RoadBikeReview.com's Forum Archives - General


Archive Home >> General(1 2 3 4 5 6 7 8 9 10 11 12 13 14 15 16 17 18 19 20 21 22 23 24 25 26 27 28 29 30 31 32 33 34 35 36 )


Steel bike first or aluminum(6 posts)

Steel bike first or aluminumbdbike
Jan 5, 2002 2:18 PM
Looking to purchase a bike as a replacement to one that is being returned to the store. They are giving me credit at this store for a new bike. I am a very tall rider about 6'6". Needing a 66cm seat tube and 60 cm top. I have been told that an aluminum bike would better suit my size. I was thinking that the first bike should be a steel bike because they tend to last so much longer. An Aluminum bike only has a life expactancy of about 2-3 years (so I am told). I figured that if I bought a steel bike then when in two years I want to buy a new bike I would get the aluminum that way I would always have one on hand to ride. My lbs carries Serotta, Cyfac, or Merckx. Any and all opions are appreciated.

thanks
re: Steel bike first or aluminumkoala
Jan 5, 2002 2:34 PM
Aluminum may be better because it can be made stiff enough for you although weight matters and you did not say how much you weigh. I know serotta has a lot of experience in fitting big and small and their brochure shows a very tall person and gives his testimonial.
re: Steel bike first or aluminumSteve Bailey
Jan 5, 2002 3:11 PM
"An Aluminum bike only has a life expactancy of about 2-3 years (so I am told)".

Nonsense. Hogwash. Old wives tale... call it what you will. It's a statement from an un-educated person who hasn't kept up with the industry.

It was once said that aluminum was questionable as to longevity. This is going back 15 or more years when aluminum was just getting popular and making a dent in the market. Back when there was no real long-term experience with aluminum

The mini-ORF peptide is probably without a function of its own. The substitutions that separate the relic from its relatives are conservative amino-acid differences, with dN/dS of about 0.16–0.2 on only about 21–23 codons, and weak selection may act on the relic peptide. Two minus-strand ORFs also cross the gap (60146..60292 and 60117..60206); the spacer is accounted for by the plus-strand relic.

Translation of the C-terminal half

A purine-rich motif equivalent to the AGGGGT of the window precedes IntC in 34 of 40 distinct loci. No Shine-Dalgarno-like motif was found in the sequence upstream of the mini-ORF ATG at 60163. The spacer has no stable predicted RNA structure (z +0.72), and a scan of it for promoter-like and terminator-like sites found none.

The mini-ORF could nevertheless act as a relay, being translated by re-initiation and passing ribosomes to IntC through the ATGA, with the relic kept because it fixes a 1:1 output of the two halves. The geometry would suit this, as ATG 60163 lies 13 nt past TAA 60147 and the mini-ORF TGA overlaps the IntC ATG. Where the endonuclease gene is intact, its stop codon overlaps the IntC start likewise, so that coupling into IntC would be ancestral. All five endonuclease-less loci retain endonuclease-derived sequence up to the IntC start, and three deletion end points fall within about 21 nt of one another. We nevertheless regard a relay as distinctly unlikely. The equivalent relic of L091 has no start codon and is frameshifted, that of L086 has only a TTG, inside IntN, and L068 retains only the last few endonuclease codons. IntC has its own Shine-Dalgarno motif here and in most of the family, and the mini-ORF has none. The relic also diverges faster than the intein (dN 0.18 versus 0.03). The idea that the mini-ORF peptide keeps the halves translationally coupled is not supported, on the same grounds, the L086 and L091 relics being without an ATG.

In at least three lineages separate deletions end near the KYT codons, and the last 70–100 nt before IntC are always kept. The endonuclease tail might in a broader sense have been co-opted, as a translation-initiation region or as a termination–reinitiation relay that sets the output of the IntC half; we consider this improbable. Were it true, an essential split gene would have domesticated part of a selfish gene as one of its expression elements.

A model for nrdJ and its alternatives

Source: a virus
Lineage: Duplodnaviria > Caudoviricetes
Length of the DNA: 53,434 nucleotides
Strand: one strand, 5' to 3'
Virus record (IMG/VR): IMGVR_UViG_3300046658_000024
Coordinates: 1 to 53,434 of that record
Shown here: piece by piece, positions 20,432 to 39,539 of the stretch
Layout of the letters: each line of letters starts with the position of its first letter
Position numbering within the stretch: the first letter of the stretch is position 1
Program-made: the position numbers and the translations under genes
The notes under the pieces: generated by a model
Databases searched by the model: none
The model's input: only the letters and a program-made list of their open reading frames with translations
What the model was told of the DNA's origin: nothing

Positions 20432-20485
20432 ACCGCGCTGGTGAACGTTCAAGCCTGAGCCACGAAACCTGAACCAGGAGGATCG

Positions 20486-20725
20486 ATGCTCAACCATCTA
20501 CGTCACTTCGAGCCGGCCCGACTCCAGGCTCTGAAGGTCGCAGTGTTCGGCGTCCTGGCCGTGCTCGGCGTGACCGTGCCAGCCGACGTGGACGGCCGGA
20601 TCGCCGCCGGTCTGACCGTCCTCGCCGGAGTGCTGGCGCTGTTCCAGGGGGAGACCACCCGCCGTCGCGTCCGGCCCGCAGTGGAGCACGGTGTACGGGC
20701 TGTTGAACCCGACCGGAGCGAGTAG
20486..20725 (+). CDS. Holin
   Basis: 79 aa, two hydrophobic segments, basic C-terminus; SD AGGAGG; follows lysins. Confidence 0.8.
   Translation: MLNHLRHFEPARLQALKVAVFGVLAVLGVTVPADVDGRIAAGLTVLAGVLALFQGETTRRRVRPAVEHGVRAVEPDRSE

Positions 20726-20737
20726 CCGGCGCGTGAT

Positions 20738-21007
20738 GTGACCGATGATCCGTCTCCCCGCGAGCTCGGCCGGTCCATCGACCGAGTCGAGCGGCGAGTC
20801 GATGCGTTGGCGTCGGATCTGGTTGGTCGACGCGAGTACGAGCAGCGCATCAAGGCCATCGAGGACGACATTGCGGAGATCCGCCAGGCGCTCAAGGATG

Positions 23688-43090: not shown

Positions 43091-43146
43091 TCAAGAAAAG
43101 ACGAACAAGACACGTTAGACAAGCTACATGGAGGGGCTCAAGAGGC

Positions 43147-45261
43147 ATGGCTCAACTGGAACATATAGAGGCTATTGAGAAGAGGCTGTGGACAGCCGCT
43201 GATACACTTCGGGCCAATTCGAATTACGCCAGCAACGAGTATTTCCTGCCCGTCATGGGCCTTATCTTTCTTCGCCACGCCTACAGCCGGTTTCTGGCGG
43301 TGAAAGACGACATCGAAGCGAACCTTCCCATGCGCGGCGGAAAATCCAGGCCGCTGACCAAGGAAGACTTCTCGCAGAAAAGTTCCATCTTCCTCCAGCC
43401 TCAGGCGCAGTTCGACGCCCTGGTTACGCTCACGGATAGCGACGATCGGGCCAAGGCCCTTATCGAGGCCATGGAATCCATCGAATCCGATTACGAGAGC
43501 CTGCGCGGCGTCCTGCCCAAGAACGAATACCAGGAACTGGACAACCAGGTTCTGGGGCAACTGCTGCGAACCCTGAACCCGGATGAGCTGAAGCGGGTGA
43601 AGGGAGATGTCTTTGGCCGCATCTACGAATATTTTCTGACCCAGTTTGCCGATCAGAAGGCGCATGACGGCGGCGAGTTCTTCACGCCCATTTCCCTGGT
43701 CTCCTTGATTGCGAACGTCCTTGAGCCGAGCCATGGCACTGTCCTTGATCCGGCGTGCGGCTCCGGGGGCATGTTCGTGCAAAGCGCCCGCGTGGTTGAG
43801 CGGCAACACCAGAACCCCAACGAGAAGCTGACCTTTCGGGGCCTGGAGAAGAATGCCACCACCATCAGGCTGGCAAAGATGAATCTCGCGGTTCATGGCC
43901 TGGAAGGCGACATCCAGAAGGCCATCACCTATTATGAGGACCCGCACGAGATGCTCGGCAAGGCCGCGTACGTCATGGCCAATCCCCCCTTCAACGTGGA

Many years later, with thousands of C-Dale's, Trek's and Kleins out there still going strong (My own Klein included), you are likely to see as many years out of any of these bikes as any other frame material (well....maybe not Carbonfiber !).

SB
Wrong questionKerry Irons
Jan 5, 2002 4:11 PM
Frame material is a minor issue - it's all about design and fit. All other things "equal" a steel frame will be a little heavier, so if that is an issue for you, go with aluminum IF IT FITS YOU. When very large frames are designed, they take into account what could be more inherent flex, and adjust things accordingly. Typically either larger tube diameter or thicker tube walls in larger frames. The knock on short lived Al frames today is in reference to the superlight ones. Not on your agenda, if you're wise about it.
re: Steel bike first or aluminumSnowBlind
Jan 5, 2002 9:19 PM
The three most important factors in a bike are:
1. fit, your butt won't hurt
2. fit, your back won't hurt
3. fit, your knees won't hurt

Serously, fit makes up 90% of the formula. Unfortunately at 6'6" I would suggest the following: use the credit to get a smashing good pair of wheels (handbuilt is better), plus the top of the line CampagNOlo (ok, personally, get Chorus with Record hubs) or ShimaNO groupo depending on your religon, and then find a custom frame builder in your area, or one of the bigger custom shops (such as Waterford or sycip). A good frame builder can build a "club bike" that is both comfortable to ride on a 100+ AND tight enuf for a crit race AND stiff for climbing/sprinting. Frame + fork will set you back 1400-2000 depending on what you want.

You don't say your wieght, but let's assume you are 220+ (based on stupid chart doctors use). Great! Weight is no issue as the formula is ideally %10 of body weight(give or take 2%), so you can target 22lbs and get a strong frame.

So what is next?

4. Handling.
5. Durablity.
6. Looks.

IF you live in central CA I can send you contact info for my frame builder. I am partial to him, of course, but he does a stellar job.

Good Luck!!!
Fit and budgetnee Spoke Wrench
Jan 6, 2002 6:10 AM
At your height, the number of realistic alternatives isn't going to be all that many. I think that if you first list the choices that fit you and meet your budget criteria, you'll find that everything else just sort of falls into place.